Abstract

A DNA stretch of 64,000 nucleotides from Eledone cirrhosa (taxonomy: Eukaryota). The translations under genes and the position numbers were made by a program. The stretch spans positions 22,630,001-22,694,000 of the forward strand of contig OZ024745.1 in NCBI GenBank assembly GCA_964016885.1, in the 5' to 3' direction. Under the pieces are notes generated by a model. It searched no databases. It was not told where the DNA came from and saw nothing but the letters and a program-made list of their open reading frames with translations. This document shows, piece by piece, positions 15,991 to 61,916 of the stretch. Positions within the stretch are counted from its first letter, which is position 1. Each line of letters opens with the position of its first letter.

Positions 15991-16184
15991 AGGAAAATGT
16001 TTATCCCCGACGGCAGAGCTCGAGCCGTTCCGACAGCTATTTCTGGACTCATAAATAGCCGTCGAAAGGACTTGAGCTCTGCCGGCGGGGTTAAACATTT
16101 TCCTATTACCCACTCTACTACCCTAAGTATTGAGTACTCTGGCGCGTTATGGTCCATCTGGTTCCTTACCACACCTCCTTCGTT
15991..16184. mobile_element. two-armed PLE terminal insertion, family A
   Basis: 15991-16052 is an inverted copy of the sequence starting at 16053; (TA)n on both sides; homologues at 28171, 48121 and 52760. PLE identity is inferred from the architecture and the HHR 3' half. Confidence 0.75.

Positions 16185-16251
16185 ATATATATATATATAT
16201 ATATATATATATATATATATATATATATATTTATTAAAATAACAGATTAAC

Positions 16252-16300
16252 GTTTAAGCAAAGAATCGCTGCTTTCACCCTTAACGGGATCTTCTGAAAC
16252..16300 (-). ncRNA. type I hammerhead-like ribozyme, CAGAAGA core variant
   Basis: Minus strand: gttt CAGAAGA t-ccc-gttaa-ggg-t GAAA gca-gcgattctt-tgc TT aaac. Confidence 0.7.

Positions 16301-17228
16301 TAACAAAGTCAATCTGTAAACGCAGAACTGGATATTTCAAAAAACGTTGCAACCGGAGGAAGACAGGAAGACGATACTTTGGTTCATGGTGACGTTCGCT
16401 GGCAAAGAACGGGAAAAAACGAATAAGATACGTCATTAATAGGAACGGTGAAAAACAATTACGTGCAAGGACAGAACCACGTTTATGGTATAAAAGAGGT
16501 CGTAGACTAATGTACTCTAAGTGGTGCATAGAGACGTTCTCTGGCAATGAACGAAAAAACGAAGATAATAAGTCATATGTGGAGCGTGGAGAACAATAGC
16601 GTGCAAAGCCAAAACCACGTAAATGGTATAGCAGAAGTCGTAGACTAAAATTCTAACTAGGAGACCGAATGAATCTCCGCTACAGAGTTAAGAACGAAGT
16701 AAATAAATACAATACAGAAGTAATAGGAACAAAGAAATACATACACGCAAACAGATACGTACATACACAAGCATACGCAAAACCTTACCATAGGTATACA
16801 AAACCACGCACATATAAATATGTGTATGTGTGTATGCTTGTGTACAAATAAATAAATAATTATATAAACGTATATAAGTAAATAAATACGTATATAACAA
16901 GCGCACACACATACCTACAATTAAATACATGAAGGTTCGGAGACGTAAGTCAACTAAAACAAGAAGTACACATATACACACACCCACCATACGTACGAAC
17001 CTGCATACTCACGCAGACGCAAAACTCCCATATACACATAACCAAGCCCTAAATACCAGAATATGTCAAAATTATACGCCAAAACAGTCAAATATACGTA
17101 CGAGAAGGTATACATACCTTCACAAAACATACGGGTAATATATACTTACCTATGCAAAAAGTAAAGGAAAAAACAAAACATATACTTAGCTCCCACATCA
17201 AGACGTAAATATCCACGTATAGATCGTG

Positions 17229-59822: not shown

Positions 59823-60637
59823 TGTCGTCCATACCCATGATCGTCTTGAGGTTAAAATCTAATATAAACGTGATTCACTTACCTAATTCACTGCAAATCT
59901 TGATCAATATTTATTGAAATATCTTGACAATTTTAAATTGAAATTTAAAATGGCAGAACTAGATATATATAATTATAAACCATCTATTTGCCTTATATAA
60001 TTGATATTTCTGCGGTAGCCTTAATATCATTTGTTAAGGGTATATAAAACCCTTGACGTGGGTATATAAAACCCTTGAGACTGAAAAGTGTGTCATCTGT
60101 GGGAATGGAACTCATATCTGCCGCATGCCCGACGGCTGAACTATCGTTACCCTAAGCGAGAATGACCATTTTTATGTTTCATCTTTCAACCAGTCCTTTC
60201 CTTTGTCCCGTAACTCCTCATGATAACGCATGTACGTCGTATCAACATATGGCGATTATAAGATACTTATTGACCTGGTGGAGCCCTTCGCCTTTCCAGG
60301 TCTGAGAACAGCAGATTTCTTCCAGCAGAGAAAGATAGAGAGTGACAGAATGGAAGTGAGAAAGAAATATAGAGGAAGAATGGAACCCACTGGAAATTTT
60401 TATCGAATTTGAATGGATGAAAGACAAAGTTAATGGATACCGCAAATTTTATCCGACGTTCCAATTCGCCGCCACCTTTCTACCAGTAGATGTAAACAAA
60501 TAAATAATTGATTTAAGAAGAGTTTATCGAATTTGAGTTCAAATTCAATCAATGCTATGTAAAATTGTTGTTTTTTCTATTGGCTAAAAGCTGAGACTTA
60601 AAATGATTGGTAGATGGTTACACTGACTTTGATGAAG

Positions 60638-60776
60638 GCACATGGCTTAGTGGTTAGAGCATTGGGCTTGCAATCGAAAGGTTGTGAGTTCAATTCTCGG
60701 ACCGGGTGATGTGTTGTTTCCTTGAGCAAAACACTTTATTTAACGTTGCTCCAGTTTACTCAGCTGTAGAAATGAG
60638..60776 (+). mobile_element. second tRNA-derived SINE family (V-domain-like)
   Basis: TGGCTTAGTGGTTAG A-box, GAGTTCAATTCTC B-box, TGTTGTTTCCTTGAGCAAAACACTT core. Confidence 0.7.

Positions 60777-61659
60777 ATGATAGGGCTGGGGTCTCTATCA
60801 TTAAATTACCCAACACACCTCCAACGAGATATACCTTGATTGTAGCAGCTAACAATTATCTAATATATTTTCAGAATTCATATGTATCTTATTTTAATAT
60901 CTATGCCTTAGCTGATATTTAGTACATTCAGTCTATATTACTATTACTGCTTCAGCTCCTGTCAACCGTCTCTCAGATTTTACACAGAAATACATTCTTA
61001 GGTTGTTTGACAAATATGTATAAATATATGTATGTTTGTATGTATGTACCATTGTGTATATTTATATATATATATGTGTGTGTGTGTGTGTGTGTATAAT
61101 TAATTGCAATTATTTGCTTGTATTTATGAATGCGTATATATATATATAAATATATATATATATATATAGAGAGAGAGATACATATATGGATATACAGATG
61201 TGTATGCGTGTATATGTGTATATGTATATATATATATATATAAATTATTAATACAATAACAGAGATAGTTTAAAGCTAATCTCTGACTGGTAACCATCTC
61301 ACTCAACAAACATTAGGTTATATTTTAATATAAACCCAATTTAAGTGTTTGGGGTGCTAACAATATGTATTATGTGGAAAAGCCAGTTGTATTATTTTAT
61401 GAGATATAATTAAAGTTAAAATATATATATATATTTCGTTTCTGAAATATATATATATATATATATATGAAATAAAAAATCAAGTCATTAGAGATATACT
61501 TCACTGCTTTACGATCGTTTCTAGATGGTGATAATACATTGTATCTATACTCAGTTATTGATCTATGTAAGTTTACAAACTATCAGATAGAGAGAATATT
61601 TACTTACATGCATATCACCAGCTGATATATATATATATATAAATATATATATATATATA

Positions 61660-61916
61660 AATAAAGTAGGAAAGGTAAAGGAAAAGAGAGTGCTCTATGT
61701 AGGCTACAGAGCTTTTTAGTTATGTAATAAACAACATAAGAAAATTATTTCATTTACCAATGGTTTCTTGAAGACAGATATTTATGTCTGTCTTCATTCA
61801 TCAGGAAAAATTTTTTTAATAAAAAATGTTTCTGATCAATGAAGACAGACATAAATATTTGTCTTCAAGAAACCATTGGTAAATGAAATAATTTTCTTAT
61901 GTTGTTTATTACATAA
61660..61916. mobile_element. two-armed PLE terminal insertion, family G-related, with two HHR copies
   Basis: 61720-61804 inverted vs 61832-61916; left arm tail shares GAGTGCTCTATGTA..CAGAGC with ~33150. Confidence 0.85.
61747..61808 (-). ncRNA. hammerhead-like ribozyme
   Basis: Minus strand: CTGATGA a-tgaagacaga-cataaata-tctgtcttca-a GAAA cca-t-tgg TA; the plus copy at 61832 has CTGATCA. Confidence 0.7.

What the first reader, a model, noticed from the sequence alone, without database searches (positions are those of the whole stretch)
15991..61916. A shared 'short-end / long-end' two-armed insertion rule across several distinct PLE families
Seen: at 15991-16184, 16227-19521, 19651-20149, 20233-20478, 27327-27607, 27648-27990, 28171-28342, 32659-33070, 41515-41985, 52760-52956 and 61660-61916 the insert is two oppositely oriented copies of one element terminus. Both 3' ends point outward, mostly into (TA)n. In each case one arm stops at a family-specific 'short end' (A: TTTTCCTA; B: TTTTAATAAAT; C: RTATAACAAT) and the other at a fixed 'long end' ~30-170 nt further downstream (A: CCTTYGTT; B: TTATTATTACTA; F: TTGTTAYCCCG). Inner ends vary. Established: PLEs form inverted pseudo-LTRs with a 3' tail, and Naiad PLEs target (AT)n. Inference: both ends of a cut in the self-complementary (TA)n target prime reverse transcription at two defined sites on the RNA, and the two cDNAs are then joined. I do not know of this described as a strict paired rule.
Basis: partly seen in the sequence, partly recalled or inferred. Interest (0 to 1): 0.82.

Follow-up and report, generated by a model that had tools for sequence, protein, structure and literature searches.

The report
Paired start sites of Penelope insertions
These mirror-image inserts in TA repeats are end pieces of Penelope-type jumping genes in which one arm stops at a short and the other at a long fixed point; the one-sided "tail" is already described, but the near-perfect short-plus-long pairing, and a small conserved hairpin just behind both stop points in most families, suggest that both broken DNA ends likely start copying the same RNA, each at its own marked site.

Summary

Supermature quartz arenites of the Whiterock Member, deposited in the Early Proterozoic, intracratonic Hurwitz Basin, have a maximum thickness of 400 m and a minimum areal extent of 100,000 km 2 . The unit is unusual in that it is virtually devoid of other rock types and displays sedimentary structures that consist almost entirely of short-spaced ripple marks and parallel stratification, both formed by oscillatory flow. The ripples have spacings that are consistently small (average < 5 cm) for the entire thickness and lateral extent of the unit. Application of empirical and analytical methods yields average water depths in the range 2 cm to 2 m (maximum 5.6 m). Apparently, shallow water was maintained over a Large area for a long period of time, yet evidence of tidal and evaporitic conditions are lacking. We interpret that sedimentation was in a large, hydrographically open, tide-free, fresh-water lake, or series of lakes, that occupied a low-relief continental depression in a wet, possibly equatorial, climate where continuously high rainfall and well-developed outlets combined to prevent raised salinities.

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